Taking Root: A Garden Blog

 American Holly, Ilex opaca, is a familiar broadleaf evergreen found throughout Bucks County.  It is one of those native evergreens we have grown up with.  Its glossy green leaves and bright red berries grace the winter landscape and are used to decorate homes and greeting cards for Christmas.

This month my cottage garden is in full swing. Some of my favorite native plants are playing star roles. Orange Butterfly Weed (Asclepias tuberose), False Yellow Lupine (Thermopsis villosa), Coreopsis (Tickweed) and Stokes Daisy (Stokesia) sing soprano to rest of the choir. Filling the musical gaps are the non-natives; Happy Returns and Stella Dora Daylilies, Red-hot Poker (Kniphofia), Catmint (Nepeta) and Feather Reed Grass (Calamagrostis x acutiflora 'Karl Foerster'). It is a symphony of sunset colors.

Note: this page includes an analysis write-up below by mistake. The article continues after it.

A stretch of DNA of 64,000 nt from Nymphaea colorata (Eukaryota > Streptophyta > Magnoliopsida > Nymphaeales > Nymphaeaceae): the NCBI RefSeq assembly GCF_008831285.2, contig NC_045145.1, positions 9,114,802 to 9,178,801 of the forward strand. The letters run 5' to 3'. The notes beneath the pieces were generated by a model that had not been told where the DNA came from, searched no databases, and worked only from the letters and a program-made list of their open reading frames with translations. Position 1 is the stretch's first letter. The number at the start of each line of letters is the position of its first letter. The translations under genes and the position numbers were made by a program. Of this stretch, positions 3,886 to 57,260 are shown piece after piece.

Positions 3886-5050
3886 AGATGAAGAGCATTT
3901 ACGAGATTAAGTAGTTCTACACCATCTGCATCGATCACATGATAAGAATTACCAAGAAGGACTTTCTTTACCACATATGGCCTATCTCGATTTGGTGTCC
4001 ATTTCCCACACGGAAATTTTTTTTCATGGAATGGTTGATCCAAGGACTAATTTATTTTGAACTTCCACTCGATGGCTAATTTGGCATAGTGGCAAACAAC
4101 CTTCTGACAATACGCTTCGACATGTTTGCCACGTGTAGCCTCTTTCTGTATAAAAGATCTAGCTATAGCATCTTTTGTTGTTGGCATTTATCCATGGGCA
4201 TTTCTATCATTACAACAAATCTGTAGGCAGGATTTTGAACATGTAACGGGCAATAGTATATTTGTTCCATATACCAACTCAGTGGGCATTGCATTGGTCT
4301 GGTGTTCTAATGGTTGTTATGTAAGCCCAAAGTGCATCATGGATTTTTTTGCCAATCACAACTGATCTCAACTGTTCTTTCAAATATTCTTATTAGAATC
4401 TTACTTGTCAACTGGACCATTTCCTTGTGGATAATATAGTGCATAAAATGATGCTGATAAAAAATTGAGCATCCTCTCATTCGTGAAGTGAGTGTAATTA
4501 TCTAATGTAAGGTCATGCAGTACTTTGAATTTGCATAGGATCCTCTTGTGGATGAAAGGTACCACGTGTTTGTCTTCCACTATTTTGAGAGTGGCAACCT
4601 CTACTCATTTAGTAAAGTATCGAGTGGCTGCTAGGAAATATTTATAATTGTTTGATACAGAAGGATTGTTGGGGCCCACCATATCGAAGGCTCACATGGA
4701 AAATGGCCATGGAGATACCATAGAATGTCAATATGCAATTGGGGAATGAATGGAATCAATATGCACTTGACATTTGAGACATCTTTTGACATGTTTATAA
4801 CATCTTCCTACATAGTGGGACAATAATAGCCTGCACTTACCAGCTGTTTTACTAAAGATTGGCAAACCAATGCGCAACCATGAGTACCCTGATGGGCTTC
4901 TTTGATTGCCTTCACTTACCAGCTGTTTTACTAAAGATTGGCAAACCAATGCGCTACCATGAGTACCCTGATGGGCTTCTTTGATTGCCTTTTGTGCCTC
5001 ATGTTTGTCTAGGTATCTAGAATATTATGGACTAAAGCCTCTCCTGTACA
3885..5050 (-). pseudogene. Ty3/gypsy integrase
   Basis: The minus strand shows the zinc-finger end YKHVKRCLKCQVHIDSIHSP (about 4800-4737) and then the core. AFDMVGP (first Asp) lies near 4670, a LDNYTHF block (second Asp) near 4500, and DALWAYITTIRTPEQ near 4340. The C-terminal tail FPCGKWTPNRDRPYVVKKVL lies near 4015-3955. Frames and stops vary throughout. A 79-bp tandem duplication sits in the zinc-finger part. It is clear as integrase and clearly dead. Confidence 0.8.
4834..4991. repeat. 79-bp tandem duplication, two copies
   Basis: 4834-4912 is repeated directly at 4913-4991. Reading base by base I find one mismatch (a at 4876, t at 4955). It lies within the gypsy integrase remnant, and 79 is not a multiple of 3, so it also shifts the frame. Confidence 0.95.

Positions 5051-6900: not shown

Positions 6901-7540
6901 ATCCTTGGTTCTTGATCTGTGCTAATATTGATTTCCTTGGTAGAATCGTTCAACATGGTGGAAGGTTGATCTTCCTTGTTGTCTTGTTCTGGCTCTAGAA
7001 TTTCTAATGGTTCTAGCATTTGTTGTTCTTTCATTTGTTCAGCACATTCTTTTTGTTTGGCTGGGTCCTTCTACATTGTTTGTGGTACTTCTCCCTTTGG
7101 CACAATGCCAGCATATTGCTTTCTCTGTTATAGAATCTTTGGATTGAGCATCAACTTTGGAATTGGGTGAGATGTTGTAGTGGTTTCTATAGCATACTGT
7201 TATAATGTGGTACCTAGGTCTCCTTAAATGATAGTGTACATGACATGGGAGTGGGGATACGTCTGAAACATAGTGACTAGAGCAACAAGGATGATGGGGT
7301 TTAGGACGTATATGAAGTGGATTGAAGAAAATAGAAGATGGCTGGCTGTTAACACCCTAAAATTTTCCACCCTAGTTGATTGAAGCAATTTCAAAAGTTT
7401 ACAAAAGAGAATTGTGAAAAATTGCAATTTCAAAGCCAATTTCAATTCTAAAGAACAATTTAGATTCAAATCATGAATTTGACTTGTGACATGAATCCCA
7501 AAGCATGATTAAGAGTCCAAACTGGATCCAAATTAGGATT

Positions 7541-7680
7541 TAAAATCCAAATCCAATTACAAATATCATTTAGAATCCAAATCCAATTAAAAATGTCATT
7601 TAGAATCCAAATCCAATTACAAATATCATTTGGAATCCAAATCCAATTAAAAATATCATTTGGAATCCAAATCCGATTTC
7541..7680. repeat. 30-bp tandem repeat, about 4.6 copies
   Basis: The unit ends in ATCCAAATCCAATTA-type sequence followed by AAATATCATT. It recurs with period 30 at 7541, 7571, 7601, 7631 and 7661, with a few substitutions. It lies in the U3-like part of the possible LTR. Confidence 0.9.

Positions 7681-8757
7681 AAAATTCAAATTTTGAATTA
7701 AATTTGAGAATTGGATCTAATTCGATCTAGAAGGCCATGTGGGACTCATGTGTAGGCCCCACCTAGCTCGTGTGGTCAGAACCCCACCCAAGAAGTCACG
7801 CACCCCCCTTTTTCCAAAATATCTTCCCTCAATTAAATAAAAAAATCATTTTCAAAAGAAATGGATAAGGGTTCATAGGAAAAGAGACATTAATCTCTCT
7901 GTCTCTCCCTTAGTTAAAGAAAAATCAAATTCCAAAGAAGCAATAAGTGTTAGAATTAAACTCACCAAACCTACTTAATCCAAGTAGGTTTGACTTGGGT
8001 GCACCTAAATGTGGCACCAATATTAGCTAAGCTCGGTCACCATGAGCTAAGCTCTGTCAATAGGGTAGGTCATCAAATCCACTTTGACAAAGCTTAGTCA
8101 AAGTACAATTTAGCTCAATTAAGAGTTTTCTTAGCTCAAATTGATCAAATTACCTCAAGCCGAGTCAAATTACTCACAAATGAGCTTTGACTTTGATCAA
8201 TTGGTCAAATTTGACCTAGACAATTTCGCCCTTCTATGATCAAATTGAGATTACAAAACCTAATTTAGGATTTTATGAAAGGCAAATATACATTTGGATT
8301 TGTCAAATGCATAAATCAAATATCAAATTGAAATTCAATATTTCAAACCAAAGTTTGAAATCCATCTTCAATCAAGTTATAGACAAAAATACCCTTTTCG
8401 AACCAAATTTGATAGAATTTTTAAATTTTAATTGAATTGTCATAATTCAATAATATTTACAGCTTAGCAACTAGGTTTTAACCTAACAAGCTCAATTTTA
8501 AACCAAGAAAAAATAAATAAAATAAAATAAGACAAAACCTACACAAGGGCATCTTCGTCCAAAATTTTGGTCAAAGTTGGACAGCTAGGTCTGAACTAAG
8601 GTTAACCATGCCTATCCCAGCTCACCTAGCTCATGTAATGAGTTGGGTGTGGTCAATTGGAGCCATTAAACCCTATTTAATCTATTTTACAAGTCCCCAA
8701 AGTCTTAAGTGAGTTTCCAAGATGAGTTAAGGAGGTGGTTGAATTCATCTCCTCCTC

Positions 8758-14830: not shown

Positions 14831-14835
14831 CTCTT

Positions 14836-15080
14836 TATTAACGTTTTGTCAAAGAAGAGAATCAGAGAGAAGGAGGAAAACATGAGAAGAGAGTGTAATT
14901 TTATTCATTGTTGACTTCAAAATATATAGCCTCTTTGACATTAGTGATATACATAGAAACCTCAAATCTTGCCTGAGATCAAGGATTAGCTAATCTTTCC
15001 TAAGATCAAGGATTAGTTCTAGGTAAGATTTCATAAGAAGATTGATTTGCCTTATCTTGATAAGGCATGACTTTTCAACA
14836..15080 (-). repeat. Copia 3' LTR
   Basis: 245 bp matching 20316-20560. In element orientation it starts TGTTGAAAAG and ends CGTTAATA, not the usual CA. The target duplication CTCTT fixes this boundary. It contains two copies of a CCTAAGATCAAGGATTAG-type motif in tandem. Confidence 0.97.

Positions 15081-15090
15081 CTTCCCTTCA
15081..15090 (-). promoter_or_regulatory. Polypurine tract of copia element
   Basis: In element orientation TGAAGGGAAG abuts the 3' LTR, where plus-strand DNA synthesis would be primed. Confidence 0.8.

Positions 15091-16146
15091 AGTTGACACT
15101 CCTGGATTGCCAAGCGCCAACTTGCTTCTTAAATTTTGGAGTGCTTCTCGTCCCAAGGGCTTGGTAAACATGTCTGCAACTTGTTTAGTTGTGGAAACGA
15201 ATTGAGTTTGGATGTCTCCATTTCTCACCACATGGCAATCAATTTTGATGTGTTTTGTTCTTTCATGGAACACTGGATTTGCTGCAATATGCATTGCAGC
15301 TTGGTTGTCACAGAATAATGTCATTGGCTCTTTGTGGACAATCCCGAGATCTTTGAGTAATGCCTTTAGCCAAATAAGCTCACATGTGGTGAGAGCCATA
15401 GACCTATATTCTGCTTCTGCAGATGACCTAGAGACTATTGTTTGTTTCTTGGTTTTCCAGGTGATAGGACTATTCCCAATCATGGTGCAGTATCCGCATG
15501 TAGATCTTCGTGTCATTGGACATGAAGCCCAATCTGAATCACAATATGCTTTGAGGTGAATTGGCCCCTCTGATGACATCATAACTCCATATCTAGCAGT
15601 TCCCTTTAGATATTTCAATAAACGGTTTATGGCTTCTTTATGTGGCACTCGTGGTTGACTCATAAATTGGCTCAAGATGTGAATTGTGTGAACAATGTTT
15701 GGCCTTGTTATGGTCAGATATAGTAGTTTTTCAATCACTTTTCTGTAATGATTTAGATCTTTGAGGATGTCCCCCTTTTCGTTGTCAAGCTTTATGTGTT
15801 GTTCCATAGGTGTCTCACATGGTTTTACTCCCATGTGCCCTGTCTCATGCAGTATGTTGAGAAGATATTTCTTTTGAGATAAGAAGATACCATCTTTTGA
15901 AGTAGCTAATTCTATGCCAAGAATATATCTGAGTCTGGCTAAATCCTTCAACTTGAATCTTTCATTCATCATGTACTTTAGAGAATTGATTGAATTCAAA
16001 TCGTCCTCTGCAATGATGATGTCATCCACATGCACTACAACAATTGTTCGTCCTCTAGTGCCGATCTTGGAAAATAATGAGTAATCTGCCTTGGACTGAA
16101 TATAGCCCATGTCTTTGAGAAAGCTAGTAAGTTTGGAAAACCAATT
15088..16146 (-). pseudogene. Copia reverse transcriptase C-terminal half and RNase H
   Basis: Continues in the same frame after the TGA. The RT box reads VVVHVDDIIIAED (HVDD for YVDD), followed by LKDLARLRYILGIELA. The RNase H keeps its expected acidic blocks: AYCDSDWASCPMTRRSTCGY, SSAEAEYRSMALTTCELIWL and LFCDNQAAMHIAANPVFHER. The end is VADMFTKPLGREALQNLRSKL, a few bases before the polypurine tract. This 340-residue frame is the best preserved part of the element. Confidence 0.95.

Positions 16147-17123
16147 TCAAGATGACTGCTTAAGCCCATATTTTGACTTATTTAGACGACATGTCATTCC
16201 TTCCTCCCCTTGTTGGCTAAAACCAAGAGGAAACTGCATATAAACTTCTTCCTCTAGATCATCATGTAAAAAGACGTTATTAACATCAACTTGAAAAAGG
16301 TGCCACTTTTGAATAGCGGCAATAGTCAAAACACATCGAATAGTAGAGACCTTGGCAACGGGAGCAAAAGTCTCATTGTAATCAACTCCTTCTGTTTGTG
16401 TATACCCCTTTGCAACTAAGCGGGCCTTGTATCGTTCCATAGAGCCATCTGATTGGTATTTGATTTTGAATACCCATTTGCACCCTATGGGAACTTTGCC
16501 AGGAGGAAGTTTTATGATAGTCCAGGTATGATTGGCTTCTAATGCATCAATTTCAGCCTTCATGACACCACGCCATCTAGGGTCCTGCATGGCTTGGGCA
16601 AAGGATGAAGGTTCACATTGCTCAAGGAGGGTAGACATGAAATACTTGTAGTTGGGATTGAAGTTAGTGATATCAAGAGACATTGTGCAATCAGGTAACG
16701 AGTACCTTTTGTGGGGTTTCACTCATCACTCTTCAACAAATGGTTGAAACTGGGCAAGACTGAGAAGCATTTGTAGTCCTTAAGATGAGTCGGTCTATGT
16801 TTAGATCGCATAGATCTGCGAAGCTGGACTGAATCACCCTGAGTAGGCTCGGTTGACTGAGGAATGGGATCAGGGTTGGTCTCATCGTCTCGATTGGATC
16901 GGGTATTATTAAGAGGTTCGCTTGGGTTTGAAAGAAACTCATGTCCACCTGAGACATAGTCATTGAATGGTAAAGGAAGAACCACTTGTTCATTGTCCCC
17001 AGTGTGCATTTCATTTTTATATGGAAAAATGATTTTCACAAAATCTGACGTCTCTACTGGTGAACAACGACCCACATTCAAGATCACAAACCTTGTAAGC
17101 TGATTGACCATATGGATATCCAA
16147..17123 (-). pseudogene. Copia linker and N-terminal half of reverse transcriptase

It is bulb planting season.  As the fresh autumn breezes rustle through the changing fall leaves, spring is not the first thing that comes to mind.  In order to be rewarded with brilliant colored spring flowers we need to get a move on. Put an order into a bulb supplier or visit a garden center. We all know those stop you in your tracks favorites like yellow Daffodils and Red Tulips, but have you thought about extending your spring season with Snowdrops and Winter Aconite that can begin flowering as early as February? Blue Siberian Squill and Chionodoxa are soon to follow. These bulbs all flower ahead of the common Crocus, which is now available in some not so common new colors. Try some pastel varieties of crocus such as Blue Pearl, Romance and Firefly. Crocuses are not only for spring.   Fall flowering varieties can also be planted now along with their cousin the Fall Blooming Colchicum.

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